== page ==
Ronaldo has also proven he can cut it in the Premier League – Messi, whilst brilliant at Barcelona under the whistle happy officials has never played his trade in another league, and it is doubtful if he is really cut for the style of English football. Ronaldo however has proven he can withstand the kicks and the rainy away nights over the winter period – whilst Messi was on his winter break on a beach in the Caribbean. That is not to say Messi could not perform in England, I am sure he could, but on a Monday night at the Britannia I know who would make my starting line-up.
The Messi supporters amongst you will now be ready to point out to me that to win the Champion’s League, you have to play teams from countries other than Spain. Yes, I realise this, but even so the referees in Europe are somewhat softer than in the premier league – hence the well-used commentators phrase ‘well in Europe that’s a yellow.’ Again there is substantial protection from officials, and let’s face it even if it isn’t a foul on a Barcelona player, 9 times out of 10 they get the free kick anyway, and the opposition player can count himself lucky not to be sent off – Pepe anyone?
Another little point here is their performances for their respective national teams. Messi has had roughly the same level of success with Argentina as Balotelli had when trying to have a bonfire in his bathroom. Ronaldo on the other hand has become the talisman for Portugal, and is surrounded by players of much less quality than Messi.
One reason why Ronaldo is seemingly less loved than Messi around the footballing world is undeniably the way each comes across as a person. Whilst Messi appears to be Mr Approachable, humble and just like the average man on the street just with a gift from god, Ronaldo is flashy, very in touch with his metrosexual side and knows it.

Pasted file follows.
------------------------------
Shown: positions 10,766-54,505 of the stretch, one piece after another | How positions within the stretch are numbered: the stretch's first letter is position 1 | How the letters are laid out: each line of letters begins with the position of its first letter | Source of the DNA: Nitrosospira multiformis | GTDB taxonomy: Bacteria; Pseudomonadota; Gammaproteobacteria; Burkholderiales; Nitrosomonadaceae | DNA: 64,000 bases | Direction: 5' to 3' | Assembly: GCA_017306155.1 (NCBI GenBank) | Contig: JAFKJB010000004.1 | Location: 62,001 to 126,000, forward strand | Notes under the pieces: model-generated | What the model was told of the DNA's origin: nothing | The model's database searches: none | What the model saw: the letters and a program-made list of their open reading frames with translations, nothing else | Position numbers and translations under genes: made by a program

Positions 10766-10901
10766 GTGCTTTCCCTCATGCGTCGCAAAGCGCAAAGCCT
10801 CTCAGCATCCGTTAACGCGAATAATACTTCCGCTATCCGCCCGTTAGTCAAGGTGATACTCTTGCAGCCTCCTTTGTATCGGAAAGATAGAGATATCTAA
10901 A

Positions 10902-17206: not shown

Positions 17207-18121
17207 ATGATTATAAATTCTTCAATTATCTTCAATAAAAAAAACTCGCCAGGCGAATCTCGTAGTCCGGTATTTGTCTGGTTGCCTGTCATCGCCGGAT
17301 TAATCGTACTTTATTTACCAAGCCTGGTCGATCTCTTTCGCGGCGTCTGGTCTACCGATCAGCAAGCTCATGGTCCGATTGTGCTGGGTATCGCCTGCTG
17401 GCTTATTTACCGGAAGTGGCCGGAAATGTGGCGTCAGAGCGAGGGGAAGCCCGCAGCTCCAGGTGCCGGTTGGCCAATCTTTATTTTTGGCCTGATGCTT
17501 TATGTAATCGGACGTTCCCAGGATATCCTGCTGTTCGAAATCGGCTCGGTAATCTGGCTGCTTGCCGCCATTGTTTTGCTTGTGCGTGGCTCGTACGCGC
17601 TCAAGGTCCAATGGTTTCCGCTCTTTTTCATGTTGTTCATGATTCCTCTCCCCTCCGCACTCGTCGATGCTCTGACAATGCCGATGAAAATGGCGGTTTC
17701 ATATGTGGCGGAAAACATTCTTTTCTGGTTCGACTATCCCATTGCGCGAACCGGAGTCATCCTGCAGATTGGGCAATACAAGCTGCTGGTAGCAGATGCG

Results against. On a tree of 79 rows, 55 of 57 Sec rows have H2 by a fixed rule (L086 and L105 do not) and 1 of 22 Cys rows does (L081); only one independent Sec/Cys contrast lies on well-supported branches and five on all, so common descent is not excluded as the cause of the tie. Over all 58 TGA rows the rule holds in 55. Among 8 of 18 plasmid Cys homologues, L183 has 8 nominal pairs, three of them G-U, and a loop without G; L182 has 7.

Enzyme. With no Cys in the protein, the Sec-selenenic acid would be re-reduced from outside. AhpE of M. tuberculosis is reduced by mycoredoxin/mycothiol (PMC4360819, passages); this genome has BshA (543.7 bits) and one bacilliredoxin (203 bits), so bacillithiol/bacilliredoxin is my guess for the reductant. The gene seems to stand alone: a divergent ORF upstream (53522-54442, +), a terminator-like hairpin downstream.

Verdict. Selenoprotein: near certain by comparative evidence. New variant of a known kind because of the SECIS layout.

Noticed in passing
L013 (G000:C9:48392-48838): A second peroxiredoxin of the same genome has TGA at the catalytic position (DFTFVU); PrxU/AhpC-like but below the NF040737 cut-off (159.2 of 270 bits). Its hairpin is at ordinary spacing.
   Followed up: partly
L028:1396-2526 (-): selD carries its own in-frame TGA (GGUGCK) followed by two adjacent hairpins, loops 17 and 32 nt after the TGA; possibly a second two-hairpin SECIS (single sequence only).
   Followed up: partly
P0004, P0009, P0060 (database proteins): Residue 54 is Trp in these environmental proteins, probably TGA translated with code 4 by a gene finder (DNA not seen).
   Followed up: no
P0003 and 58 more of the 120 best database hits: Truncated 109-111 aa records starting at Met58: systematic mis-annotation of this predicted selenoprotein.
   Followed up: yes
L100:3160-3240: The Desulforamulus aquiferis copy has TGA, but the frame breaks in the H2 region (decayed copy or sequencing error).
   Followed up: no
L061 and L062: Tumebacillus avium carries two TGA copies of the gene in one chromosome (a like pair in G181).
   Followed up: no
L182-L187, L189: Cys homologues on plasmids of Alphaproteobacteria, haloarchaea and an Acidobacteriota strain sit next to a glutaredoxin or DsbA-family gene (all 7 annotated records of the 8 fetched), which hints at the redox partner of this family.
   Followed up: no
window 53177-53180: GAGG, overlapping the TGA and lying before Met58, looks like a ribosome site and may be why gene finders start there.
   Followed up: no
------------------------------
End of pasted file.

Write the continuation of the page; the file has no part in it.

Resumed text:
Not to mention the fact that Ronaldo, when asked why some people are less than kind about him felt the need to reply that it was certainly jealousy, as he is rich, good looking and talented. Well he is not wrong there – he just missed out the fact he also has a girlfriend who is a super model to boot. However, this is no reason to dislike Ronaldo as a player or even to prefer Leo Messi. As much as I hate to break it to pundit Gerry Francis, you can’t prefer Messi as a player just because ‘he plays the game with a smile on his face.’
They may both feel that due to the other, they do not get the plaudits they deserve – Ronaldo certainly feels that due to the fact Messi plays for Barcelona, who can be seen to do no wrong in UEFA’s eyes, he can lose out in voting at certain times, and there is some truth to this. After receiving the Golden Boot, when asked about his chances to win the Ballon D’or, both Ronaldo and Mourinho replied that the golden boot was done on ability and hard fact, not votes and emotions – clearly alluding to the fact they feel had the Golden Boot been decided in the same way, it would have been on its way across Spain to Cataluña.
Whatever the case, due to the existence of the other, neither can coast on the tag of ‘best player in the world’ and both have to improve their game on a constant basis, almost to the extent that when in form, they become unplayable. Come the 11th of December, all eyes will be on the most watched footballing game in the world – El Classico, and with so many scintillating match ups and wealth of talent on both sides this may be the best one of all, and may mean that for once, the match can be remembered for all the right reasons. If this will be the case remains to be seen, but what is certain is that the two best players in the world will be on display – both at the very top of their game, but who do you think is better?